Tag Archives: pick

Enhancing vim for Scala

6 Apr

You like Scala. You like programming. You like vim. You are happy.

Here’s the 2-line solution to increase your happiness even more:

cd ~/.vim
svn export --force http://lampsvn.epfl.ch/svn-repos/scala/scala-tool-support/trunk/src/vim .

And there you go, nice indent and syntax highlighting support for Scala.

Massive thanks to Nico “@nfmelendez” Meléndez for pointing this excellent package!

A “did you mean” alternative to the NASCAR problem

2 Apr

I’ve been playing with an experimental UI for avoiding the NASCAR problem. The main idea is to be more open in the expected input from the user.

Nowadays we have several popular identities we use in business cards, e-mail signatures, presentation slides, etc. Depending on what I do like the most, and probably depending on the context as well, I may say I’m @luisfarzati. Or lfarzati@gmail.com. Or facebook.com/luisfarzati. Or just find me by luisfarzati: it’s the screen name I use everywhere: LinkedIn, Flickr, GitHub, and so on.

Most of these services have an open API with a public, limited access that allows anyone to know if there’s a person registered under a certain username.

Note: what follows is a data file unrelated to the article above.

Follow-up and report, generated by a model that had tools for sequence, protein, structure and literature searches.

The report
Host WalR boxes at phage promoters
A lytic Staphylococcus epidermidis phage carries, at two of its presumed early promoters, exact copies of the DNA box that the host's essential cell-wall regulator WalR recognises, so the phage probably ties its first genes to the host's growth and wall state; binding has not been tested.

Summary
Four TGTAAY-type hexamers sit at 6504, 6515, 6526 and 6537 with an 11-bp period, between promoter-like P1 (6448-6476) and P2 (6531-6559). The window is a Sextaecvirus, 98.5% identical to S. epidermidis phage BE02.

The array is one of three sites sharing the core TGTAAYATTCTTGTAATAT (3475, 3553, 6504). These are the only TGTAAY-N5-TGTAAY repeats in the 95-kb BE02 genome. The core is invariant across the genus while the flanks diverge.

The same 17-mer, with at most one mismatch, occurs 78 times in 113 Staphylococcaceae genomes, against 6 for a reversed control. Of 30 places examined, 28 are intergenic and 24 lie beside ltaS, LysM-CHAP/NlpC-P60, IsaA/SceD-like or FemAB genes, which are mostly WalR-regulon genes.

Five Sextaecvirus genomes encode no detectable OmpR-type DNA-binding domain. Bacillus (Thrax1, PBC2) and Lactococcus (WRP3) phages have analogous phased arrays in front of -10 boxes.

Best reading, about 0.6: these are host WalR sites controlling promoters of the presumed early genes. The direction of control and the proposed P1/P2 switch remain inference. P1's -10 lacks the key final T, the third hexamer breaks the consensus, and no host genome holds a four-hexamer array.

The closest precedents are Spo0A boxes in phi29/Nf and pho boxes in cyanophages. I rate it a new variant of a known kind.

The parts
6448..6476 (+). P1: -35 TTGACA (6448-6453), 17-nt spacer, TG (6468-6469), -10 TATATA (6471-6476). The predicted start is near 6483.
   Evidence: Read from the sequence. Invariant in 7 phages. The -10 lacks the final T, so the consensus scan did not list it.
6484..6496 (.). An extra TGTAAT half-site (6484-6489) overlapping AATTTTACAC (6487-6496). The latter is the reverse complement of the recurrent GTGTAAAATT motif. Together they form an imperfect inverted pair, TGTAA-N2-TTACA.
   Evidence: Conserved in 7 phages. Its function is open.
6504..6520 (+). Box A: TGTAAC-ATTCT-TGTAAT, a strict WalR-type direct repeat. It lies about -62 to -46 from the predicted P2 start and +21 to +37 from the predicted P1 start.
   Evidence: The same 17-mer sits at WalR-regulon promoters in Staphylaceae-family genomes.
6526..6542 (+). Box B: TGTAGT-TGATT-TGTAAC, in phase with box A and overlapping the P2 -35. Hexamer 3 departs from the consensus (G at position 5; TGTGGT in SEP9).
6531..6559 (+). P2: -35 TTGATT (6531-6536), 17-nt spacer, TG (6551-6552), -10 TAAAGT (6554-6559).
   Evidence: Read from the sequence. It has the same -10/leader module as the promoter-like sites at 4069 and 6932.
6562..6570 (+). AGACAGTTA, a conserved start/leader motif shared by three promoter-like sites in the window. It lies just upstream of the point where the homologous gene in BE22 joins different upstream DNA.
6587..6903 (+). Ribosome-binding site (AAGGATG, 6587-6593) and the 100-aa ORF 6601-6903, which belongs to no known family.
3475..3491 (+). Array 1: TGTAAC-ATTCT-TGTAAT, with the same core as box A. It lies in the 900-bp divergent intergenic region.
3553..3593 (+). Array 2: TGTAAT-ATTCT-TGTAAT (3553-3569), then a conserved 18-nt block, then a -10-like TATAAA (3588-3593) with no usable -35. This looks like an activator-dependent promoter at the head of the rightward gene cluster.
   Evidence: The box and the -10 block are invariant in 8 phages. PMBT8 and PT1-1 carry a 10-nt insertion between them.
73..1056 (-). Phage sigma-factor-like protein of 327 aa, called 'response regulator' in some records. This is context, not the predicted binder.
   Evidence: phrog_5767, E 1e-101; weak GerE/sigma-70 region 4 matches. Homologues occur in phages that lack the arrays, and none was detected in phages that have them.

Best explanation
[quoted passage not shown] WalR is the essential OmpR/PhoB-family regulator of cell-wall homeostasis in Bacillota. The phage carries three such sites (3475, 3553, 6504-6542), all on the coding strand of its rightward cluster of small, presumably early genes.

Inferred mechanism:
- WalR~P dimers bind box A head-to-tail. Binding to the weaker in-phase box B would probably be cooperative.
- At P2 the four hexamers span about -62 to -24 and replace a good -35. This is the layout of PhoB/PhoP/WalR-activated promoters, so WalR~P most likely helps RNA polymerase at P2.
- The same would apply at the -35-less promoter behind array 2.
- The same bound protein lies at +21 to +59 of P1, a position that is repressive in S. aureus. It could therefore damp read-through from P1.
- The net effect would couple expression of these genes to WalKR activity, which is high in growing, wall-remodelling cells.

Why don’t we leverage these APIs and let the user input whatever they want to login? If it exists as a valid username out there, we’ll find it and suggest it.

Feel free to try with many combinations. @twittername, facebook.com/name, name@gmail.com, youtube.com/name, WordPress blog URL, Open ID URL, etc.

You can try the concept demo or get the source files on GitHub.

Facebook is the new Web

9 Nov

Meanwhile, in the future…

Open the lid of your Facebook laptop (which is a netbook, but with Facebook OS), or turn on your Facebook phone, or put channel Facebook in your Smart TV. Do everything (in Facebook, of course). Done.

Really. Name one thing you can’t get on Facebook: E-mail. Oh, wait.

Chris Messina wrote an excellent post about the death of the URL. I think I would go a step further and think about the death of the Web. No bookmarks. No searching. Everybody wants whatever is relevant now: if your website doesn’t show up among the conversations, it probably doesn’t worth a visit. Period.

Sitting in front of your computer and opening Facebook is the new sitting in front of your TV and zapping through the channels.

Where Open ID failed, Facebook Connect succeeded. Where AOL failed, Facebook succeeded.

I wouldn’t be surprised to see Facebook launching a browser next year.

Update: according to comScore, Facebook took the lead in time spent:

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